You can get sweet salads, too, if you prefer such innovative 1950s additions as frozen fruit or marshmallows to standard iceberg lettuce. Depending on your perspective, the marshmallow salad looks like a quivering snowball or a pale breast, complete with a maraschino cherry nipple. “Is it dessert?” Ned asked. No, but the fluffy concoction of sour cream, marshmallows and canned pineapple could be. It was easier to eat than the alternative: a hard, frozen slab of pineapple, cherries, mandarin oranges, cream and cookie crumbs. The salad had defrosted enough by the end of the meal to serve as dessert.

Maybe desserts should be served as the salad course at Stephenson’s, because they’re irrational as a finale. Who could eat anything else after ordering a full entrée built around a hickory-smoked half chicken, the meat all but falling off the bone? It’s not just a chicken dinner — it’s an ensemble: a mound of zucchini soufflé on one side of the bird, a baked potato split open and draped in velvety cheddar cheese sauce on the other, and in an accompanying dish, a puffy little “casserole” made with rice, eggs and herbs.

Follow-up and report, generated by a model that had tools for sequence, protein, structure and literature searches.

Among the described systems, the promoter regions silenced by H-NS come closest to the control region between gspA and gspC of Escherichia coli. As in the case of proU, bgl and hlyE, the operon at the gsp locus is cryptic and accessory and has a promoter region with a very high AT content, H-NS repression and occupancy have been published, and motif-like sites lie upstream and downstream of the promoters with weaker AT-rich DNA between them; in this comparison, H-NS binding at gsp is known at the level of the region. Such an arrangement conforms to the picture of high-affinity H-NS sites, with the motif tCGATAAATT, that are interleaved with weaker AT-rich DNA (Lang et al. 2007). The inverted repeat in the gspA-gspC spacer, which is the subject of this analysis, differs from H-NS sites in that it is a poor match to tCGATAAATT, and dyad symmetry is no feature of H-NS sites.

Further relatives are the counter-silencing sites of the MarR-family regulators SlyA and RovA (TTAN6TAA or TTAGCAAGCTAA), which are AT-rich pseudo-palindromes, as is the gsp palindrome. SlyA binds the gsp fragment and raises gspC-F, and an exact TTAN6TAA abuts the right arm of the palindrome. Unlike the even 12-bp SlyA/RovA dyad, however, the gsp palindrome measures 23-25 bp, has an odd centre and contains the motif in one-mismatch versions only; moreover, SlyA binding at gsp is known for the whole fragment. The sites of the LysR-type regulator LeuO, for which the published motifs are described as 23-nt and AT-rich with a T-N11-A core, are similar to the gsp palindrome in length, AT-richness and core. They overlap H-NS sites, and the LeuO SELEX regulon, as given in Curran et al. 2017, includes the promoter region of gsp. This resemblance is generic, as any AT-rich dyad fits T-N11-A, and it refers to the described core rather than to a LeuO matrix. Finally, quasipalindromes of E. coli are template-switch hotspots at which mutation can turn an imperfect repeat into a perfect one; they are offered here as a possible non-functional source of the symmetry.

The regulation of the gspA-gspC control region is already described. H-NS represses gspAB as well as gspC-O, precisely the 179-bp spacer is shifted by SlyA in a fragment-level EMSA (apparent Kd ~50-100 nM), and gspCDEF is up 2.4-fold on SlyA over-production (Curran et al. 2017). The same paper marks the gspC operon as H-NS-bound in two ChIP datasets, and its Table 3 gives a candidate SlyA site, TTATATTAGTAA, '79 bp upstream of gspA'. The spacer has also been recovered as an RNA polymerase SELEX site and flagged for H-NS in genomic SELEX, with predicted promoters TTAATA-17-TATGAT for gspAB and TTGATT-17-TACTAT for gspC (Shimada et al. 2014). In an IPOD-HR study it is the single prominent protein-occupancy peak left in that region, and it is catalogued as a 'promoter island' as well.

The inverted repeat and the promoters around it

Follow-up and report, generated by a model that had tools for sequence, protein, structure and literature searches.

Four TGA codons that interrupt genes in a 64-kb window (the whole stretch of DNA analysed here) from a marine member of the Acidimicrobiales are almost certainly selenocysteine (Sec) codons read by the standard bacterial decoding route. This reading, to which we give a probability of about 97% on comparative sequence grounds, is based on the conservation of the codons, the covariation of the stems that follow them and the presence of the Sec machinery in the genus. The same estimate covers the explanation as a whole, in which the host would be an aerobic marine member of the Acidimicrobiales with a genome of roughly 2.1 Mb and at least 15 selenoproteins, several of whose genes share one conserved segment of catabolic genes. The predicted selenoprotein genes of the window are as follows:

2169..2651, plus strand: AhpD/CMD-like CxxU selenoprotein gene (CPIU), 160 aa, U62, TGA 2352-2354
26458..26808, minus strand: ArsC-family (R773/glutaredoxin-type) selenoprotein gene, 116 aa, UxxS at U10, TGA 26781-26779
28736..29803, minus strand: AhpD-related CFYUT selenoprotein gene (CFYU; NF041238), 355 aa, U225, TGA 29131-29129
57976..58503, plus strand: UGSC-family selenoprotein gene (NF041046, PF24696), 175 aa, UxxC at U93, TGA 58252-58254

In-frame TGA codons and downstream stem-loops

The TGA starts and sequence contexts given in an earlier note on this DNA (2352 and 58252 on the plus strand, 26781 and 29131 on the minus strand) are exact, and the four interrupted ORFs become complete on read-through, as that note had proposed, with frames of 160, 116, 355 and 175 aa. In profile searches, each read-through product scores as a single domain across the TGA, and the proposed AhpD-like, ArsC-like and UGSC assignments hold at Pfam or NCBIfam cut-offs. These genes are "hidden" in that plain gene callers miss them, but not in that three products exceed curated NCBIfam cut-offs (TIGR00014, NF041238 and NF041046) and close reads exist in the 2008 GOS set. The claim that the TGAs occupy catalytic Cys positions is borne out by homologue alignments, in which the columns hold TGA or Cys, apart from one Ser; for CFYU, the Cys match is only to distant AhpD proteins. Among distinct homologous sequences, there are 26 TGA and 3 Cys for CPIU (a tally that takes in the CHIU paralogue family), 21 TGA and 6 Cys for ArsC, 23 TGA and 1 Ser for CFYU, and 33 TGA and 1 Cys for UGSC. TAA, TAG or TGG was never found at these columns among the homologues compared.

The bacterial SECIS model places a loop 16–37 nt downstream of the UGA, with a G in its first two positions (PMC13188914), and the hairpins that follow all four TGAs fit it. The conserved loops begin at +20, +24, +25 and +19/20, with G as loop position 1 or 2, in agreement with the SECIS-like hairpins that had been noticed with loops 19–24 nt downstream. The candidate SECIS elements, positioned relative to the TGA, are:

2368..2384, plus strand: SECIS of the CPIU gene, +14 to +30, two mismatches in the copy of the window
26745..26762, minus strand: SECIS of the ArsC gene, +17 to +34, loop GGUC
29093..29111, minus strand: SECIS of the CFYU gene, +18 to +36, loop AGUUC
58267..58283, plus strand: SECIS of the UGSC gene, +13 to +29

Ned, who sarcastically predicted that the Creamy Baked Chicken would be “swathed in canned mushroom soup,” ate his words when the restaurant’s richest dish arrived bubbly and browned, baked in real butter and heavy cream. “It’s the most fabulous thing I’ve ever tasted,” he stammered, plucking a forkful of plump meat from the plate.

Patsy loved the perfectly medium-rare, marinated 12-ounce strip, though she was less entranced with its glossy mushroom-wine sauce. She thought it tasted of apples, but Ned detected sage — though neither ingredient is actually in the recipe. Unfortunately, there wasn’t much in the way of mushrooms, either.